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They forc'd their way thro' draggled folks,
Who gap'd to catch jack-pudding's jokes;
Then took their tickets for the show,
And got by chance the foremost row.
To see their grave, observing face,
Provok'd a laugh through all the place.
Brother, says Pug, and turn'd his head,
The rabble 's monstrously ill-bred!
Now through the booth loud hisses ran;
Nor ended till the show began.
The tumbler whirls the flip-flap round,
With somersets he shakes the ground;
The cord beneath the dancer springs;
Aloft in air the vaulter swings;
Distorted now, now prone depends,
Now through his twisted arm ascends:
The crowd in wander and delight,
With clapping hands applaud the sight.
With smiles, quoth Pug, If pranks like these
The giant apes of reason please,
How would they wonder at our arts!
They must adore us for our parts.
High on the twig I 've seen you cling,
Play, twist, and turn in airy ring;
How can those clumsy things, like me,
Fly with a bound from tree to tree?
But yet, by this applause we find
These emulators of our kind
Discern our worth, our parts regard,
Who our mean mimics thus reward.
Brother, the grinning mate replies,
In this I grant that man is wise.
While good example they pursue,
We must allow some praise is due;
But when they strain beyond their guide,
I laugh to scorn the mimic pride;
For how fantastic is the sight,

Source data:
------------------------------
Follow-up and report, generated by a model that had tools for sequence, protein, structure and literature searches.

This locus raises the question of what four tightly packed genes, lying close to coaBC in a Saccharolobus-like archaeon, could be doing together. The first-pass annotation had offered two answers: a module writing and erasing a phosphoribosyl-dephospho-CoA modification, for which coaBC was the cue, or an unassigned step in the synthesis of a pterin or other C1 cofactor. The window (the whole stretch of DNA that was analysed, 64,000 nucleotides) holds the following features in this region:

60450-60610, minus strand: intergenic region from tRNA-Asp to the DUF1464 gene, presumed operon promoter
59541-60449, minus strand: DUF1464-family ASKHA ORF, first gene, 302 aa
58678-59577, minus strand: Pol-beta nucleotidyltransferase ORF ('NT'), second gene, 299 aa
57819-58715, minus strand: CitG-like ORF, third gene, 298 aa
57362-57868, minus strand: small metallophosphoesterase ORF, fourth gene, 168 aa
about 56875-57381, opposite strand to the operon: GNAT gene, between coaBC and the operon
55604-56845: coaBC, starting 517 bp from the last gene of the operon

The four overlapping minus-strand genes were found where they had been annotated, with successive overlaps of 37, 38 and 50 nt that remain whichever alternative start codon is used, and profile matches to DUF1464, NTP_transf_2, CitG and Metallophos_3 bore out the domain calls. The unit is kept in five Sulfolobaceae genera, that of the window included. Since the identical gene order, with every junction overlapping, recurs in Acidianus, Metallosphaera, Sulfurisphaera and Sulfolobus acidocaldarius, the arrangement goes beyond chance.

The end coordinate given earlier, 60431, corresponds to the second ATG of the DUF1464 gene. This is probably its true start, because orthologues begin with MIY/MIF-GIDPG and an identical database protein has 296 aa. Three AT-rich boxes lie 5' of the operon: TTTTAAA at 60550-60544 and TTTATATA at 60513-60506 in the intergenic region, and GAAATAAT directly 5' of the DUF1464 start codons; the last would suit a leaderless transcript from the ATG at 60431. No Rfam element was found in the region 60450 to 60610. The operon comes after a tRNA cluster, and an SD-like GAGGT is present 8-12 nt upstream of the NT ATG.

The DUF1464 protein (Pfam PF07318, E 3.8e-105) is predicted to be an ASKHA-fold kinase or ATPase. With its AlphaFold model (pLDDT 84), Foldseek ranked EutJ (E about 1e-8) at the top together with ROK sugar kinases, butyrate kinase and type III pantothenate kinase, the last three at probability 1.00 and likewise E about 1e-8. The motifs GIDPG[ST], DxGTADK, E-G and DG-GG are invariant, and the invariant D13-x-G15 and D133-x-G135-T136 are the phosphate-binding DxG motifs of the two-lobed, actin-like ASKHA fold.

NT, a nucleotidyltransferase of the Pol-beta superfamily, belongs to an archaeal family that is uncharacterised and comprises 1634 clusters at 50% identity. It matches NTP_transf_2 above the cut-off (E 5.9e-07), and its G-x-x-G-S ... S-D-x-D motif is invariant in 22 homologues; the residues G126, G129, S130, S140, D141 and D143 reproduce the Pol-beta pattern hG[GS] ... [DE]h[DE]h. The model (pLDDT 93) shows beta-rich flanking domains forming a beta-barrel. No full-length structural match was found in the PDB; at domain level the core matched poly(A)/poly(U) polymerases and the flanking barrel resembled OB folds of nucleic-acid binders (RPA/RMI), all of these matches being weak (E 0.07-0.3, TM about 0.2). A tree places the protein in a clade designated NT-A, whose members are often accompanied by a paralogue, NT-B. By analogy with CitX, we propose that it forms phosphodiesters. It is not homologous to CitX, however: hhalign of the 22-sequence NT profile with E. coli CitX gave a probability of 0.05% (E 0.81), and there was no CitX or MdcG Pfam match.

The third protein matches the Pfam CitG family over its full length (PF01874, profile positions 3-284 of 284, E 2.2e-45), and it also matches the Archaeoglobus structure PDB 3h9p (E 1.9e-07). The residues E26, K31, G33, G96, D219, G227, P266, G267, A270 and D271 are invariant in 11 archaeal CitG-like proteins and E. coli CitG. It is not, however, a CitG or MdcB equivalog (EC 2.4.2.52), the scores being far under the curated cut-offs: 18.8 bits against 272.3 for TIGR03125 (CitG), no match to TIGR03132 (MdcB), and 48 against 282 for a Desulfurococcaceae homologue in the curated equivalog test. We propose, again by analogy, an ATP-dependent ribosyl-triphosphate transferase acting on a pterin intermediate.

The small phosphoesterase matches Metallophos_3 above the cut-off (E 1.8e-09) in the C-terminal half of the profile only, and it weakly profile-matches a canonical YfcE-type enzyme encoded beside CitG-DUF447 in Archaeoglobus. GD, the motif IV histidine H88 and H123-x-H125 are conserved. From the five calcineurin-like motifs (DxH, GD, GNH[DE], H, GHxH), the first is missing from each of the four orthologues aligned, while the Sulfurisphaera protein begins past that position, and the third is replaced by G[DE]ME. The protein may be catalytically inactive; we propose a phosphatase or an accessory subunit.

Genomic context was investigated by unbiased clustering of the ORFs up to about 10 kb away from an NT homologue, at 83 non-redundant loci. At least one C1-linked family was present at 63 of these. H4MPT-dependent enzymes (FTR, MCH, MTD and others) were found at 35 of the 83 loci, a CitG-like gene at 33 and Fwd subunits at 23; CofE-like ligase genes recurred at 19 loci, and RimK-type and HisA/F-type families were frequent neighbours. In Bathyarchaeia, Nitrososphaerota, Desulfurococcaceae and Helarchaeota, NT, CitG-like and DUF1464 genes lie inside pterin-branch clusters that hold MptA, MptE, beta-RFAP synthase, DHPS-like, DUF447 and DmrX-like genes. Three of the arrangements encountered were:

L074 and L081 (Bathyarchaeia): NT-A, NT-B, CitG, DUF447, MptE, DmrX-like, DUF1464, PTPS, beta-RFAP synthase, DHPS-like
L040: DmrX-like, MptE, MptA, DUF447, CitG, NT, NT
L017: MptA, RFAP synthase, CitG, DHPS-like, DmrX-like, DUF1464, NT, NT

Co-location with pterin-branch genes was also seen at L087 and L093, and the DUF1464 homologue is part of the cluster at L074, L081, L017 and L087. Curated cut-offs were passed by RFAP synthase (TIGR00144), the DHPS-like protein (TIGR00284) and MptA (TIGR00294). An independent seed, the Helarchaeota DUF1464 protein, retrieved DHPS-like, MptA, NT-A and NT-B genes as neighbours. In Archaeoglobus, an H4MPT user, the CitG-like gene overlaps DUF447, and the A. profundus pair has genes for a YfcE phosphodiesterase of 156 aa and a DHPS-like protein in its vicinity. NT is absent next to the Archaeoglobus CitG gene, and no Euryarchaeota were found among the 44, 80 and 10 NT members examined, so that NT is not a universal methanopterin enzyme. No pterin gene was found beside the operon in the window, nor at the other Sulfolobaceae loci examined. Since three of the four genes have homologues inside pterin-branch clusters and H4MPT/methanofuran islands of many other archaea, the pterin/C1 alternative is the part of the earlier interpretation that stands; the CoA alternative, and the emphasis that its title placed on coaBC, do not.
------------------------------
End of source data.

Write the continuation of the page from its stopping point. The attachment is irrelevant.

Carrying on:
To meet men always bolt upright,
Because we sometimes walk on two!
I hate the imitating crew.
§ 131. EABLE XLI. The Owl and the Farmer.
AN Owl of grave deport and mien,
Who (like the Turk) was seldom seen,
Within a barn had chose his station,
As fit for prey and contemplation.
Upon a beam aloft he sits,
And nods, and seems to think, by fits.
So have I seen a man of news
Or Post-boy or Gazette peruse;
Smoke, nod, and talk with voice profound,
And fix the fate of Europe round.
Sheaves pil'd on sheaves hid all the floor.
At dawn of niorn, to view his store,
The Farmer came. The hooting guest
His self-importance thus express'd:
Reason in man is mere pretence:
How weak, how shallow is his sense!
To treat with scorn the Bird of Night,
Declares his folly or his spite.
Then too, how partial is his praise!
The lark's, the linnet's chirping lays,
To his ill-judging ears are fine,"
And nightingales are all divine.
A JUGGLER long through all the town
§ 132 FABLE XLII. The Jugglers
Had rais'd his fortune and renown:
You'd think (so far his art transcends)
The devil at his fingers' ends.
Vice heard his fame, she read his bill;
Convinc'd of his inferior skill,
She sought his booth, and from the crowd
Defied the man of art aloud:
Is this then he so fam'd for slight?
Can this slow bungler cheat your sight?
Dares he with me dispute the prize?
I leave it to impartial eyes.
Provok'd, the Juggler cried, "Tis done;
In science I submit to none.
Thus said, the cups and balls he play'd,
By turns this here, that there, convey'd;
The cards, obedient to his words,
Are by a fillip turn'd to birds.